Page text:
This time last year, I got my cancer diagnosis after a couple months of increasing, constant nausea and constipation. I was having such a hard time eating and drinking that I was admitted to the hospital so they could hydrate me. (Probably for other reasons, too, it’s all a blur of feeling crappy and Donald Trump being “elected.”)
Fast forward to this year and I’m looking at a stable brain MRI, but progressing tumor activity in my liver, lungs, lymph nodes, and bones. My (wonderful) oncologist looked at me with reddened eyes as she said “for you to be here for another year, we need two big wins: no progression of the cancer in the brain and for the chemo to work”.
Oh, did I mention that I’m starting chemo again? Next Monday, to be precise. It’s a slightly different drug cocktail this time, with slightly different side effects.
On the bright side:
- Aside from a couple spots of pain, I’m basically asymptomatic right now.
- I get to go to my family’s Thanksgiving dinner this year. I’m going to eat so much food.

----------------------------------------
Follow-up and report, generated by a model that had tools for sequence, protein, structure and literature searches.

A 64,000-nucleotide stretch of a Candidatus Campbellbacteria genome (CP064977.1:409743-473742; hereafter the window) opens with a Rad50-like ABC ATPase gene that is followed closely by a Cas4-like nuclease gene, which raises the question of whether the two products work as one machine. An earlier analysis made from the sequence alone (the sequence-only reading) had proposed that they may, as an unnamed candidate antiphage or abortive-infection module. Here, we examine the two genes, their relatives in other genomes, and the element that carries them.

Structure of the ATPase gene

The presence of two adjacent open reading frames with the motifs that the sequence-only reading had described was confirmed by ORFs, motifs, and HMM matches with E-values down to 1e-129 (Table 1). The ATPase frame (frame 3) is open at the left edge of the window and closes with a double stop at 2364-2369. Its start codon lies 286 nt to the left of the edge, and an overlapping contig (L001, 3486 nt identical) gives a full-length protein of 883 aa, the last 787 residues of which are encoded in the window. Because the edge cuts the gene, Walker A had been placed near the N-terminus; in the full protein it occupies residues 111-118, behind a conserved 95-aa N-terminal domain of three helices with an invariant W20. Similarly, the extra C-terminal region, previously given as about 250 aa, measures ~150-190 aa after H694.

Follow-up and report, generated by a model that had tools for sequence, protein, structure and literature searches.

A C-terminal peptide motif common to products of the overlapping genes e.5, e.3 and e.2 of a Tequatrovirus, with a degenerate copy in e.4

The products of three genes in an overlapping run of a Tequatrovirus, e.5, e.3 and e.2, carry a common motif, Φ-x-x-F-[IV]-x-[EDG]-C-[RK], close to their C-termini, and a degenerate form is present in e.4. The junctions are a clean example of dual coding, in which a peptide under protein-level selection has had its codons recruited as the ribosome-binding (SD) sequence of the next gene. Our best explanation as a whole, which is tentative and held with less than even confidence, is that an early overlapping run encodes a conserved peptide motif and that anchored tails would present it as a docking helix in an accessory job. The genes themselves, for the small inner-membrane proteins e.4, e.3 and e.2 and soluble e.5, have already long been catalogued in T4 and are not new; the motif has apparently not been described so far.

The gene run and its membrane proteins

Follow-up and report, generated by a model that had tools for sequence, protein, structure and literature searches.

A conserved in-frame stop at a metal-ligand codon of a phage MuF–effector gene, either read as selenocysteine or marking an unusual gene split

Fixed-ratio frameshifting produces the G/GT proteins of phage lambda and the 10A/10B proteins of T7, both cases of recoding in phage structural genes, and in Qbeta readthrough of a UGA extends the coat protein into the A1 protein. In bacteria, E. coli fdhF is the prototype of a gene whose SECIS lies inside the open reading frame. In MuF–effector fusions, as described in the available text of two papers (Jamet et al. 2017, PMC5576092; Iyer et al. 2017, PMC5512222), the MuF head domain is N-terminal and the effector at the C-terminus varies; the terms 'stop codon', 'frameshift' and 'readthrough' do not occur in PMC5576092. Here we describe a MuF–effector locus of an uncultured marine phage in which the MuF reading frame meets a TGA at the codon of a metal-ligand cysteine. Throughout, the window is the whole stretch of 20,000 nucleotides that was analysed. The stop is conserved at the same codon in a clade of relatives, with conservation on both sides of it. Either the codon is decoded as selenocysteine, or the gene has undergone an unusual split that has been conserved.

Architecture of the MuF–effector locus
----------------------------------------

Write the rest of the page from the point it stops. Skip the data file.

- I get to spend the long weekend in L.A. with friends.
- Even though the months of September and October were entirely too eventful, I’ve had a six-month break from chemo, which means I’ve had plenty of ice cream, sat in plenty of hot tubs, and consumed so many delicious cocktails.
- I know not to take compazine this time around, which will hopefully remove the catatonic zombie feeling I had during chemo last time.
- I’m better at resting. I know not to try to do all the laundry the day after my chemo infusion. I will not hesitate to nap the shit out of my days if that’s what my body wants.
I’m cautiously optimistic. I’m grateful. I’m cranky. I’m scared. I’m all the things.